How To Prepare for Restaurant Holiday Events
October 20, 2021
How to wow your guests with thoughtful, festive details during the holiday season.
Office outings, family gatherings, holiday parties and other festivities are just around the corner. For restaurants, this time of year means some serious heads-down work to ensure these events go off without a hitch. Between staffing for events, ordering and preparing the right amount of food and adhering to local safety protocols, restaurateurs have their work cut out for them this holiday season.
But all of this work pays clear dividends to the business. In the short term, restaurants benefit from extra revenue from room rentals and higher markups on prix fixe menus. In the long term, a restaurant that cements its position as the go-to option for a holiday event can book up quickly year after year, meaning more diners around major holidays — as well as the chance to create repeat customers throughout the year.
In order to get there, restaurants need to perfect their ability to plan, promote and put on joyous holiday events.
Types of Restaurant Holiday Events
Before jumping into planning and promotion, it’s worth considering which holiday events and services a restaurant should offer. Specifically, restaurants should analyze what different event types entail, their pros, their cons and any special considerations for them.
1. Off-Site Catered Events
Restaurants can cater holiday events by preparing and selling a large amount of food at off-premises gatherings. These requests can be fielded in many ways, but online platforms that facilitate catering pre-orders have become valuable for managing operations.
Profitable: Catering has an average profit margin of 7-12%, while the average restaurant’s profit margin is between 4-7%.
Efficient: When providing self-service catering, restaurants can generate high revenue without having to hire additional staff to serve the event. Basically, off-site catering equates to a giant takeout order.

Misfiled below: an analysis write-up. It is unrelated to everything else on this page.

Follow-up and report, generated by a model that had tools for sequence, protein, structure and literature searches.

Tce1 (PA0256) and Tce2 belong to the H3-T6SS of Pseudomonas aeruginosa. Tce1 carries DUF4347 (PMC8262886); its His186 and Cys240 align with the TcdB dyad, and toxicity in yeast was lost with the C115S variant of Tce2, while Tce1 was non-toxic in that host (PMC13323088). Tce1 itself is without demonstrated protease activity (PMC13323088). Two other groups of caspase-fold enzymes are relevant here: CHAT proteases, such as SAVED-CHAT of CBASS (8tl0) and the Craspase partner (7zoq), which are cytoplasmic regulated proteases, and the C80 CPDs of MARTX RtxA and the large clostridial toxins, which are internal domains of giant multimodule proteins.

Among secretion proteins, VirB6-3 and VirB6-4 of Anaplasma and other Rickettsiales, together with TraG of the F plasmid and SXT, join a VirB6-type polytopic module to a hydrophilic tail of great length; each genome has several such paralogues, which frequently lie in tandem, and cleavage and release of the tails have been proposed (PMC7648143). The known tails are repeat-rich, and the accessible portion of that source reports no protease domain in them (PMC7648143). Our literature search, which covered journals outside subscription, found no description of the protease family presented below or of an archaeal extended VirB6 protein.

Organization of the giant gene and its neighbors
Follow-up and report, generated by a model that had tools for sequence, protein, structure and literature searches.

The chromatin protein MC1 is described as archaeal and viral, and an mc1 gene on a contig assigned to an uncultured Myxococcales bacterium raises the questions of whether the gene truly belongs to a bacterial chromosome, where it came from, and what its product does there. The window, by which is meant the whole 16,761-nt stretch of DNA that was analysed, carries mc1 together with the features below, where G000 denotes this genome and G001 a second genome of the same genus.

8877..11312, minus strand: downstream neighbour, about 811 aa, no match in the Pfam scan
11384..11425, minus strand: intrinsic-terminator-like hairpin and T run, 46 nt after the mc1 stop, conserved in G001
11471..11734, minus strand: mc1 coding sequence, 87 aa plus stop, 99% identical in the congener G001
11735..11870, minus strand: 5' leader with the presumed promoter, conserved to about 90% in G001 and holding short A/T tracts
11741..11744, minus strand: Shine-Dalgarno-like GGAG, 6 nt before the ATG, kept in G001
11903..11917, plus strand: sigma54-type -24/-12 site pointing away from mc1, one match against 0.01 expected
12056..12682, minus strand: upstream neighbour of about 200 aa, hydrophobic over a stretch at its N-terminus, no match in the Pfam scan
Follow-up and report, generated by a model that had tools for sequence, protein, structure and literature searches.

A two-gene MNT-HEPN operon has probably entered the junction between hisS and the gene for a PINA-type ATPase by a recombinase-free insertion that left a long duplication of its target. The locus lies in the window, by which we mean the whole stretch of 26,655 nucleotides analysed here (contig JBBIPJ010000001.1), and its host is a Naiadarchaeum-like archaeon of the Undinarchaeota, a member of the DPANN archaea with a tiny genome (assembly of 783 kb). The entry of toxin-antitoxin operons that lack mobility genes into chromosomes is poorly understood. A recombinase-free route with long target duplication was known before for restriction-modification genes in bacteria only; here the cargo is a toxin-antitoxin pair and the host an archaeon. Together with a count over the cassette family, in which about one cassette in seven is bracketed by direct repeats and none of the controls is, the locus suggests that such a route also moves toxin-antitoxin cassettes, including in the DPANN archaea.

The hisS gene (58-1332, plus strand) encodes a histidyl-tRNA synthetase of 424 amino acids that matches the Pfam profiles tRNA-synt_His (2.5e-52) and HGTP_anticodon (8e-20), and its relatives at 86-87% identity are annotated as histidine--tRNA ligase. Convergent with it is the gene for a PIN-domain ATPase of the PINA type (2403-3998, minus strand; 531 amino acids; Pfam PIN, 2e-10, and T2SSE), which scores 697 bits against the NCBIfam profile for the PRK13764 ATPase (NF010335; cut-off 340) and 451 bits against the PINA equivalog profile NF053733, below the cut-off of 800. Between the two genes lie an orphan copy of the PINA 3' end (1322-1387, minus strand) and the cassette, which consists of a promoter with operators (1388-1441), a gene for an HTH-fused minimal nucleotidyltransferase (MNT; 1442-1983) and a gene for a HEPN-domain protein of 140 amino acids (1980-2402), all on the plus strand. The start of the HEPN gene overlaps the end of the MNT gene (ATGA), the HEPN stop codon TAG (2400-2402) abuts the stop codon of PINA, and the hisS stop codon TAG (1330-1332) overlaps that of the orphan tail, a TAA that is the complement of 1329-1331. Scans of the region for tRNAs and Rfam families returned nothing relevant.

Missed Branding Opportunities: It’s easy for guests at an off-site event to look at catered food as a delicious meal from an unknown restaurant, meaning restaurants might not get the credit or newfound customers they deserve.
Relinquished Control: Off-site catering — particularly when not staffed — is largely outside of the restaurant’s control. If there’s an issue with the food at a catered event, an employee may not be there to swiftly address it like they would in a restaurant.
Food Freshness: Extra consideration needs to go into preserving a food’s integrity and temperature when being delivered and served en masse.
Food Delivery: Will the restaurant deliver the food or will patrons need to pick it up themselves? If the former, will employees be responsible for setup and breakdown?
Foodservice: Will catered events have an option for full-service from the restaurant?
Supplies: What equipment is needed for off-site catering? Requirements could range from larger-sized food containers to serving utensils to tables to a catering truck.
2. Restaurant Space Rentals
Many guests want the option to rent out space in their favorite restaurant, making space rentals a popular and profitable option for corporate holiday parties and large family get-togethers. For some, this means renting out the entire venue; for others, a sectioned-off area of the dining room will do just fine. Restaurants like Tiger Mama demonstrate how to offer different space and menu options for these buyouts, depending on guest requirements.